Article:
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HTC has been hard at work redesigning Sense once more, and the HTC One is the first phone to bear the fruits of that labor. Sense 5 (as it's colloquially, if not officially, referred to) is another step forward in the Android overlay story, but we think this is the biggest yet from HTC.
We're talking a whole new button layout, a new grid for the menu icons, geometric patterns replacing the over-complicated widgets of old; in short, it's simple, stark and we really like it.
There's no doubt that it's still as heavy on the old processor as ever (a quick trip to the battery usage settings will confirm that) but what HTC has done is bring the notion of Android (4.1.2, if you're interested, which you totally are, we can tell) to a wider audience by, well, making it less Android-y.
The option to add widgets and such has been brushed to the side to some degree, with BlinkFeed taking center stage (and you can read our bigger rundown of BlinkFeed on its own, separate section). Instead of the home button taking you to your collection of homescreens, BlinkFeed will pop up, in all its Windows Phone-like glory.
However, it only takes a swipe to the right to access the homescreens as you know them from Android of old, although you get a miserly five home screens to customize. And customizing them isn't easy - you either have to long press on the home screen and choose the apps that way, or drag them from the menu via the shortcut icon at the top. More convoluted than on other Android phones, that's for sure.
But enough of that - how does the interface work under the finger? In short, blazingly well, as you'd expect from a phone rocking a quad-core 1.7GHz Qualcomm Snapdragon S4 Pro processor. Add to that 2GB of RAM and you've got a phone that would be most fanatics' dream, and it really lives up to the promise.
From opening and closing apps to browsing multiple tabs on the internet, there's nothing that can slow down the HTC One, and you'll really appreciate that in day to day life.
You can also choose from a number of lockscreen types, be it productivity for emails, calendar entries or messages - and a swipe upwards while holding said message will launch it directly too. It's a little sad that we've lost the HTC ring that we grew to love so quickly, but the geometric simplicity of Sense 5 is enough to calm the urges to run back.
You can select a range of pictures to wander past your eyes, have some tunes on deck or simply have no lockscreen at all, if you're convinced nobody is in there trying to get at all your precious smartphone data stored on the HTC One - and we're fans of the latter, as lockscreens are annoying if you have no need for them.
Once you're in and past BlinkFeed (which you should definitely check out) you can select whether to stick with the frankly under-selling 3x4 grid of apps ('People now want simplicity in an Android phone' say HTC rather unconvincingly). If you want to have the right amount of apps, edit that instantly to show 20 on the screen at once, and you can order them in a number of ways too.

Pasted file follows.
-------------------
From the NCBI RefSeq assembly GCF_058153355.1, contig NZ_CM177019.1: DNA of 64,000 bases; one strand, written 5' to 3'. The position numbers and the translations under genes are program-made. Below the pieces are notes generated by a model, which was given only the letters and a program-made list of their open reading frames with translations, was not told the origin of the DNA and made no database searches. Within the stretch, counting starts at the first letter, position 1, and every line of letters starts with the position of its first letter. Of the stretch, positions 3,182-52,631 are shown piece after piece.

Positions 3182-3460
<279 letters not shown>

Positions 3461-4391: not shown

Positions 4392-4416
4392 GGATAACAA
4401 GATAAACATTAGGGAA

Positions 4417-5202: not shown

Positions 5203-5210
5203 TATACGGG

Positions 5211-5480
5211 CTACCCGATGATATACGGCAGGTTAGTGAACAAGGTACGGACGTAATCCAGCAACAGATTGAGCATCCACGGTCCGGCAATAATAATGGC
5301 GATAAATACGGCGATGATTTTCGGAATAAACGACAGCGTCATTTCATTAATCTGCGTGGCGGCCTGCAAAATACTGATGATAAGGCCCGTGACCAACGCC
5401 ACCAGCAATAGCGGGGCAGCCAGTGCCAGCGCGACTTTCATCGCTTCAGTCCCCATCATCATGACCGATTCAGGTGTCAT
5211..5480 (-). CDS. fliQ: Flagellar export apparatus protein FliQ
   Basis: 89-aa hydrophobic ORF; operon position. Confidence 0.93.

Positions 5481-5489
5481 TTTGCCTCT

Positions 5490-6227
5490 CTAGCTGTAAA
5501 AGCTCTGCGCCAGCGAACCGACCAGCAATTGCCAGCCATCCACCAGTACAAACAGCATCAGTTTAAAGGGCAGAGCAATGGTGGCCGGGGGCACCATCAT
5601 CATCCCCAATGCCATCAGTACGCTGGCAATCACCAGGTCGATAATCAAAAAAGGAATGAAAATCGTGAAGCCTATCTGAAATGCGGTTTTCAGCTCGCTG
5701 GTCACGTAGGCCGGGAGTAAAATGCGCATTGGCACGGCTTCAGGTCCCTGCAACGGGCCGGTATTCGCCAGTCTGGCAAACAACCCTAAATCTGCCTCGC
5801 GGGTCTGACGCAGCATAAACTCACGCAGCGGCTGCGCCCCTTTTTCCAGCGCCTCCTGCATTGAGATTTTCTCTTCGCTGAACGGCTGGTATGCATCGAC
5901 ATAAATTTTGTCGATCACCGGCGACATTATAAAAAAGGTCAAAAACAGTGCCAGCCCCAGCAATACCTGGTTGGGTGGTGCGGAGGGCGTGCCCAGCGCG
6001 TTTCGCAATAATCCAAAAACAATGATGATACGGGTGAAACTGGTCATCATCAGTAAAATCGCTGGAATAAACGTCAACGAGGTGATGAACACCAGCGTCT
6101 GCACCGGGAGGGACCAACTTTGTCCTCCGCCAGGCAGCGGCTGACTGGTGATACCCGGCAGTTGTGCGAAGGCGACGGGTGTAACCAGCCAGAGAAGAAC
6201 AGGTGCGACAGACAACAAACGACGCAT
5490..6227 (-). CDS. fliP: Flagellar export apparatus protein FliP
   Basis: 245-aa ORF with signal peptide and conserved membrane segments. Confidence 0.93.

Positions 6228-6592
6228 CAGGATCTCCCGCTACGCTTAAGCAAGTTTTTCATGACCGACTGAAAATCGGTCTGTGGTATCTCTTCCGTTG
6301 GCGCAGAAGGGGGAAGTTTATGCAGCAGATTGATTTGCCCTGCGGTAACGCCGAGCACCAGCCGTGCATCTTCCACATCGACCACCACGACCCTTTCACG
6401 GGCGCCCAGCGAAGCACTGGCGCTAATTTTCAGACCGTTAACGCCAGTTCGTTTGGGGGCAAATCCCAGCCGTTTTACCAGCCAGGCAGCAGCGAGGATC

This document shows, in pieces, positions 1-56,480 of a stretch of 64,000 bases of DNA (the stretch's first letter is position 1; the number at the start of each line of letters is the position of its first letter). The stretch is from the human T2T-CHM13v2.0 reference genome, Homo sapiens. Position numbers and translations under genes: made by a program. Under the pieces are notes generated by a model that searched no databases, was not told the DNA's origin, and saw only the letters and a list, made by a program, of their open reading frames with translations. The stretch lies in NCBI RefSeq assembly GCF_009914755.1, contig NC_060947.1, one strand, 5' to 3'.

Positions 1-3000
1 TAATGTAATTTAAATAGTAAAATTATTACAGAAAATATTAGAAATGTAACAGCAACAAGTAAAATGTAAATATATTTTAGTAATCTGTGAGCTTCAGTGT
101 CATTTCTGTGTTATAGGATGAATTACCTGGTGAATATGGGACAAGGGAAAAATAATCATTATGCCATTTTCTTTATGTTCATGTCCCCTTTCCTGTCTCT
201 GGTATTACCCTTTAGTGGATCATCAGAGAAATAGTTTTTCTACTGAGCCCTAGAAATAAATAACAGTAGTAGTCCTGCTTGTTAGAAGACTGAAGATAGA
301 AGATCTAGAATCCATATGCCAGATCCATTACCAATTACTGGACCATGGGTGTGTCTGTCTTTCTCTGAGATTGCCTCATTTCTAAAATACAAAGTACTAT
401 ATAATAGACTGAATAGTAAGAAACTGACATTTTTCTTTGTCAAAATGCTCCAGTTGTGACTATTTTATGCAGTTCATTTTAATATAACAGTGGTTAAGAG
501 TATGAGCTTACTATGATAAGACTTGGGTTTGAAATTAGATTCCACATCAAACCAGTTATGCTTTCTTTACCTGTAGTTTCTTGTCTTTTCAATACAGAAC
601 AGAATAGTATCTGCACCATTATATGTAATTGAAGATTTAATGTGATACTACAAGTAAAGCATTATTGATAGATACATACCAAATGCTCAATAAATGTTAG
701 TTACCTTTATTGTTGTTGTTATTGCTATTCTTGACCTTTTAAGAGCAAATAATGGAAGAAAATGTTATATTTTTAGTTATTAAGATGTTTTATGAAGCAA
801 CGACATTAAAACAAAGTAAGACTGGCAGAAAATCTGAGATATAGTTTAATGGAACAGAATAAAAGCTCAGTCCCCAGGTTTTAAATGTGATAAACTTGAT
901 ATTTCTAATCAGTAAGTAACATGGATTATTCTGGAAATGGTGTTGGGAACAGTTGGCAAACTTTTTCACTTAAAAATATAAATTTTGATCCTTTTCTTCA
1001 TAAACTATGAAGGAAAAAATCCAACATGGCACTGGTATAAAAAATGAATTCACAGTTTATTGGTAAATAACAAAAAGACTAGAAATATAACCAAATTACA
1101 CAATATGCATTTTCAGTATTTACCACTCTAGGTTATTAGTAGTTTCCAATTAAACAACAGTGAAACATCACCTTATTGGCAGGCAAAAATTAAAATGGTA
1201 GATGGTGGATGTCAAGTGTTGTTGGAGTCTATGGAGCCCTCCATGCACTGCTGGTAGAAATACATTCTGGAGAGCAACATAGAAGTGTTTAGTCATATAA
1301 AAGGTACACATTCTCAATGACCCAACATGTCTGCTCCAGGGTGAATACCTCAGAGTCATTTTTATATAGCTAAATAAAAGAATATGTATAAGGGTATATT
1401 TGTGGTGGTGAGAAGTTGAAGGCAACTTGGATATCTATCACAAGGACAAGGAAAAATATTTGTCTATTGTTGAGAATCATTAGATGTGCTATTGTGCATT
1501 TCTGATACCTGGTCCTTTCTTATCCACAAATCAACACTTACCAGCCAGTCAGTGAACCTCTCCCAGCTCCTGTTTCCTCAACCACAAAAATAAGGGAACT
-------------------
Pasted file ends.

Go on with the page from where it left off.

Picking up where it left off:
Widgets aren't locked away in the menu like on many other Android phones either, as all it takes is a long-press on any home screen and you're greeted with all the widgets available by default - which is admittedly rather few.
The dock at the bottom of the phone pervades through the homescreen and menu options, which means you can always launch the camera or internet browser from anywhere on the main screens - you can customize this with a long press from within the app menu, so if you only want the entire range of Angry Birds games at your fingertips, you can make that happen.
Compared to something like the Samsung Galaxy S3 the HTC One is a little under-powered when it comes to the interface, but where Samsung is all about the functionality HTC is about style and minimalism. It doesn't put power options, connectivity settings and brightness adjustment in the notification bar (although we wish the option was there) so when you pull it down to look at a message, you do just that.
It's annoying that the power saver option DOES live there, but then again given the wavering battery performance of the HTC One, that's probably not a bad thing.
The interface on the HTC One is simple - really simple. It doesn't take a huge amount of peeking to see messages (BlackBerry, take note) nor does it do much more than telling you the time or the weather. But it does all this in a way that makes you feel like you'll never missing anything and getting a stylish experience to boot, one that isn't like anything else on the market.
The closest we can equate it to is the LG Prada 3.0 phone's interface - and given that was designed by a fashion house, we'll call that pretty high praise.
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